LUNA, La Union – A 400-year old Spanish watchtower, one of those built along the La Union shores during the Spanish times and located in Barangay Victoria here, has been fully restored with an amount of at least P6-million.

Luna Mayor Victor Marvin Marron said that the watchtower, called “baluarte”, half of which had collapsed after it was toppled by big waves and strong winds brought by typhoons, was reconstructed with concrete materials and bricks, the same construction masonry used by the Spaniards.

“Baluarte” which means bulwark or stronghold, was approved by the National Historical Institute and designated it as one of the country’s national treasures. The watchtower was reinforced with round dike which serves as view deck along the sea.

Marron said the edifice, which was used by the Spanish soldiers as look-out for marauding Moro pirates riding in fast-moving vintas, was first split into two due to typhoon “Lando” that battered the country in 2015. The other half was slowly destroyed by strong waves during bad weather.

“It was a difficult decision to re-build it after it was destroyed by the typhoon because if we would not do so, some of its debris might be carried away by the sea and we would never recover the scattered pieces,” Marron said.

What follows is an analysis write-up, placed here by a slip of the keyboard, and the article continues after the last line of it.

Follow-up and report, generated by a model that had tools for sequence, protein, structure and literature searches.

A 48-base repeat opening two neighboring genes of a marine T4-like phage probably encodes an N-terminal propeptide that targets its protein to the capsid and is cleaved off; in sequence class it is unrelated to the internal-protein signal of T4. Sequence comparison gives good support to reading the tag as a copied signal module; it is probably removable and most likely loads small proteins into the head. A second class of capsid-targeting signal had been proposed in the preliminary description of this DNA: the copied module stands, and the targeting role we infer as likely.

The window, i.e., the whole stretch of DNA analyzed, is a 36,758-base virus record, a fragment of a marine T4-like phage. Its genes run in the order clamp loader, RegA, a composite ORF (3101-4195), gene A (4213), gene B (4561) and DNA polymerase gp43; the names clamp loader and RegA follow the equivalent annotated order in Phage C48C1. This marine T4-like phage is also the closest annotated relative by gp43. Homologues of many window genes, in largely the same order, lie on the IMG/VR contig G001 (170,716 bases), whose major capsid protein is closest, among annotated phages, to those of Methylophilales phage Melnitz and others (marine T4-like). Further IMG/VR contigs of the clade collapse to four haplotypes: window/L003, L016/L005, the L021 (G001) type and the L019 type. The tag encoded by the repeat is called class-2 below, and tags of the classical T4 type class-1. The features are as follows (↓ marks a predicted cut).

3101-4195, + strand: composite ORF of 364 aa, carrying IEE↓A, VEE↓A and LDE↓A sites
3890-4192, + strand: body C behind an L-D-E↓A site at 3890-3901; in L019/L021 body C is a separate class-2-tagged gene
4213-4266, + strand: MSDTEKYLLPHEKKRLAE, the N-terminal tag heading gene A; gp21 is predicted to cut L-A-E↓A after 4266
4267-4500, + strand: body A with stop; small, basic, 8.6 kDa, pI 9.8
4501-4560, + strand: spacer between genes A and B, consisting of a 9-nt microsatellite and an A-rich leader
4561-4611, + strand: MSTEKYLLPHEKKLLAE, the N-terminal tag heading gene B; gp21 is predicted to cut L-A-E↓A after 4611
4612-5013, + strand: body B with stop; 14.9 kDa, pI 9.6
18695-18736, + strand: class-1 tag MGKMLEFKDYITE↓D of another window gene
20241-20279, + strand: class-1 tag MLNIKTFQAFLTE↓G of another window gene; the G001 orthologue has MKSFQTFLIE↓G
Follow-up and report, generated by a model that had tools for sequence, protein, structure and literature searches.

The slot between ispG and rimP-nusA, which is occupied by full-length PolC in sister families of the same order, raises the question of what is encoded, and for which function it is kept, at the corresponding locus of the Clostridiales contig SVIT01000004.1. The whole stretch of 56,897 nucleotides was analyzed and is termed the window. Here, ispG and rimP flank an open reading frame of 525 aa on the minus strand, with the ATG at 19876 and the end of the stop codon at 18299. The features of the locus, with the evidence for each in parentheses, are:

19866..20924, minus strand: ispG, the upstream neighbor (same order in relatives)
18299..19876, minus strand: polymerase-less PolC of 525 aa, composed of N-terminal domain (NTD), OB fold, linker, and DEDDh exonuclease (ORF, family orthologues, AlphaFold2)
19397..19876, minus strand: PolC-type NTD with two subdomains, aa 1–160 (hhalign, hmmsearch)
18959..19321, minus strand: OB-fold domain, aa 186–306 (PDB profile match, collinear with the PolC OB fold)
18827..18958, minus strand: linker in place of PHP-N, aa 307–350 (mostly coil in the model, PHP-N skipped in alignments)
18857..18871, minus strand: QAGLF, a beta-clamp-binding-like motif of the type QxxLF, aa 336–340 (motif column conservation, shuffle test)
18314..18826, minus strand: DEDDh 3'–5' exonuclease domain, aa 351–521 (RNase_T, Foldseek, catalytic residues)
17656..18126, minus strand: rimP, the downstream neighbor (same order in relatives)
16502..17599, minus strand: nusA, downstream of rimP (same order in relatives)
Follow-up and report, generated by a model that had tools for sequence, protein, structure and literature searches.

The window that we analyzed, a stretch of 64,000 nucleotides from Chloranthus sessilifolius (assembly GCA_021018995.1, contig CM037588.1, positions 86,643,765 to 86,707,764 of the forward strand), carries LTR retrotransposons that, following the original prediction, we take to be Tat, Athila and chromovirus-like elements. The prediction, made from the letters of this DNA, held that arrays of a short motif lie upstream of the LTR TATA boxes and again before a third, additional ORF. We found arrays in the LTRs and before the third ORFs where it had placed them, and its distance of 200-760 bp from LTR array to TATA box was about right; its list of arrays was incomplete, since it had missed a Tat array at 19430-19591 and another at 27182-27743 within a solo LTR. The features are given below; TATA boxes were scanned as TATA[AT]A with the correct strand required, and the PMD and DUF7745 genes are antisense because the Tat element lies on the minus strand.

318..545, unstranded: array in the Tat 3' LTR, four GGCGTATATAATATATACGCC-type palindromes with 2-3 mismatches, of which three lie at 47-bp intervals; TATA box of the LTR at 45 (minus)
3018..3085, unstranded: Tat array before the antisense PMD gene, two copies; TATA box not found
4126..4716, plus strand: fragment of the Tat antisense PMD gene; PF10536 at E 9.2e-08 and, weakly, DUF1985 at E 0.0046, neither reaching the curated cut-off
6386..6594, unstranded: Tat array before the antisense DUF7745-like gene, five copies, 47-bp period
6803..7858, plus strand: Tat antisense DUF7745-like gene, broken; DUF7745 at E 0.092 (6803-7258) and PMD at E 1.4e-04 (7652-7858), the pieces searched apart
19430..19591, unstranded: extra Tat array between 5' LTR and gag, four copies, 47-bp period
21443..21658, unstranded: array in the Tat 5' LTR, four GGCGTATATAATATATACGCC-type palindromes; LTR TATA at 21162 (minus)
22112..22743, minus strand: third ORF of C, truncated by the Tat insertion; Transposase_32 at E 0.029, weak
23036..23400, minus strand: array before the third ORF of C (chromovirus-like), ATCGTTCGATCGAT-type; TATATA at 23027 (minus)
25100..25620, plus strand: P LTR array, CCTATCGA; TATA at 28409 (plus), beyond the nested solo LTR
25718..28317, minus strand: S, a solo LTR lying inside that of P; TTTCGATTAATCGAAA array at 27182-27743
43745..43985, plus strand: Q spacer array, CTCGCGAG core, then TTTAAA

He said the NHI approved the rehabilitation of the 5.6 meter tall watchtower, it being a national treasure.

National Museum Director Jeremy Barns, who recently inspected the new structure, which has a circumferential board walk, told Marron that his office would help promote the area as a prime destination for tourists.

“For our long term, plan we might extend it and build a boardwalk along the beach for retirees and exercise-fanatics or watch our beautiful sunset,” Marron said, saying that the area, with the dominating watchtower, is now being used in wedding pictorials and selfies.

Marron disclosed that before its rehabilitation, there have been plans to stabilize the structure by strengthening its foundations but, he said, it should be first declared a historical landmark before financial support can be poured in for its construction and preservation.

Three years ago, the Luna municipal council passed Resolution 68-2013, requesting the NHCP to declare the watchtower a national historical landmark, to enable government agencies to fund the preservation project. It also passed Resolution 69-2013, which requested the National Museum to declare it a national treasure.

“Baluarte” is considered the most popular among four historical watchtowers in the province. The three others are located in Balaoan at Darigayos Point; San Juan watchtower and Carlatan watchtower in San Fernando City.

The Luna watchtower, which faces the West Philippine Sea, sits on a wide shore where colored pebbles in different sizes are collected and sold and even exported in sacks for decorative constructions and landscaping. Stone-picking is a major livelihood in the town. Jun Elias and William Garcia, Jr/